The History of Cartography

Cartography - From Lines on Clay to Computerized Mapping

Cartography
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Cartography is defined as the science and art of making maps or graphical representations/images showing spatial concepts at various scales. Maps convey geographic information about a place and can be useful in understanding topography, weather and culture depending upon the type of map. 

Early forms of cartography were practiced on clay tablets and cave walls. As technology and exploration expanded maps were drawn on paper and depicted the areas that various explorers travelled.

Today maps can show a plethora of information and the advent of technology such as Geographic Information Systems (GIS) allows maps to be made relatively easily with computers.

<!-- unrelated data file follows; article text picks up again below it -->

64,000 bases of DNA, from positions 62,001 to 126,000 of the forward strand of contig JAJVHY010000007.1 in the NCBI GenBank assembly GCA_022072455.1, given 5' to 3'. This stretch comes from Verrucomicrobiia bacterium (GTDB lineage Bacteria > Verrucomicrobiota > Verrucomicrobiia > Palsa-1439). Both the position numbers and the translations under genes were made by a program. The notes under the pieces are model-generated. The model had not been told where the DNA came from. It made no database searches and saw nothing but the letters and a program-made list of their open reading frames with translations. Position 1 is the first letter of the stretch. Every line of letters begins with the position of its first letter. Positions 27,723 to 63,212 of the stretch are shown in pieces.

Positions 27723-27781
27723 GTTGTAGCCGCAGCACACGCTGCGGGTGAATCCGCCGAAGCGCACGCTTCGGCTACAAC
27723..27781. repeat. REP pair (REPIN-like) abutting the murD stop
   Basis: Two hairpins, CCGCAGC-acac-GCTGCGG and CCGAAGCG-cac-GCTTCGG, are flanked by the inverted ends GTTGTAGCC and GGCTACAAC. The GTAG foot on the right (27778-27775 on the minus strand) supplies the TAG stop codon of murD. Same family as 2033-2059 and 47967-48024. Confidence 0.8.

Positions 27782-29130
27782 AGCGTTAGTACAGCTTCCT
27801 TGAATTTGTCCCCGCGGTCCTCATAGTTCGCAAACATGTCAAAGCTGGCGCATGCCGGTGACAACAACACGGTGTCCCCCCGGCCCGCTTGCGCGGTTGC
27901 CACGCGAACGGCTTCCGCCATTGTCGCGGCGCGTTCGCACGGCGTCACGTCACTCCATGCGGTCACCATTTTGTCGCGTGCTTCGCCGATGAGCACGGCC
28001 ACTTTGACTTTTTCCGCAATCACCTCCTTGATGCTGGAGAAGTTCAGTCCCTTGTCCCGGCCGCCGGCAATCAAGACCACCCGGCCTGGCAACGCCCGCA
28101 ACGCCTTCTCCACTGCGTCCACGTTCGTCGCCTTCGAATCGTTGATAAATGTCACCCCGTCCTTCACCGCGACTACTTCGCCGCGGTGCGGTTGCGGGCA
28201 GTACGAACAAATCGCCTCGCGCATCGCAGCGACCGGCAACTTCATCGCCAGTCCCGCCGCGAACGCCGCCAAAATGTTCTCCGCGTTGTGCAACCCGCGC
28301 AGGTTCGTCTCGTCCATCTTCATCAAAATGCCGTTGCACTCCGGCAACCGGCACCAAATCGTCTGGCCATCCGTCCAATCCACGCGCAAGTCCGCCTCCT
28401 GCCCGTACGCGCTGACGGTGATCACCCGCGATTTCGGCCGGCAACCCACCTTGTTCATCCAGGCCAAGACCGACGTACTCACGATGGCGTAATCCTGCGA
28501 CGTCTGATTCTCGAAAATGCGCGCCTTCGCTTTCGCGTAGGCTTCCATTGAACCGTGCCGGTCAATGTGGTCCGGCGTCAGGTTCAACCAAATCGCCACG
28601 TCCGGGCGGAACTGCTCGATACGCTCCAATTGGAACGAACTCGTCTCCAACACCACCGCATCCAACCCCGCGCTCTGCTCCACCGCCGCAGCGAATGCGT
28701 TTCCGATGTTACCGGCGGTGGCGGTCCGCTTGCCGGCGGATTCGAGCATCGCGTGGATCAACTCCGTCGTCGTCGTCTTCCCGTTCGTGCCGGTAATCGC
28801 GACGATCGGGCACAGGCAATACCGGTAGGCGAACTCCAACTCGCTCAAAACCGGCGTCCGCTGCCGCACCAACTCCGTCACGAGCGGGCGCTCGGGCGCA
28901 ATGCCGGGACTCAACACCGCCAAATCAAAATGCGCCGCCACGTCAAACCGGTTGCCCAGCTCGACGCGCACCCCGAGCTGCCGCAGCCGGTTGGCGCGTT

This article provides a summary of the history of cartography and map-making. References to in depth academic studies on the development of cartography are included at the end.

Early Maps and Cartography

Some of the earliest known maps date back to 16,500 B.C.E. and show the night sky instead of the Earth. In addition ancient cave paintings and rock carvings depict landscape features like hills and mountains and archaeologists believe that these paintings were used to navigate the areas they showed and to portray the areas that the people visited. 

Maps were also created in ancient Babylonia (mostly on clay tablets) and it is believed that they were drawn with very accurate surveying techniques. These maps showed topographical features like hills and valleys but also had labelled features.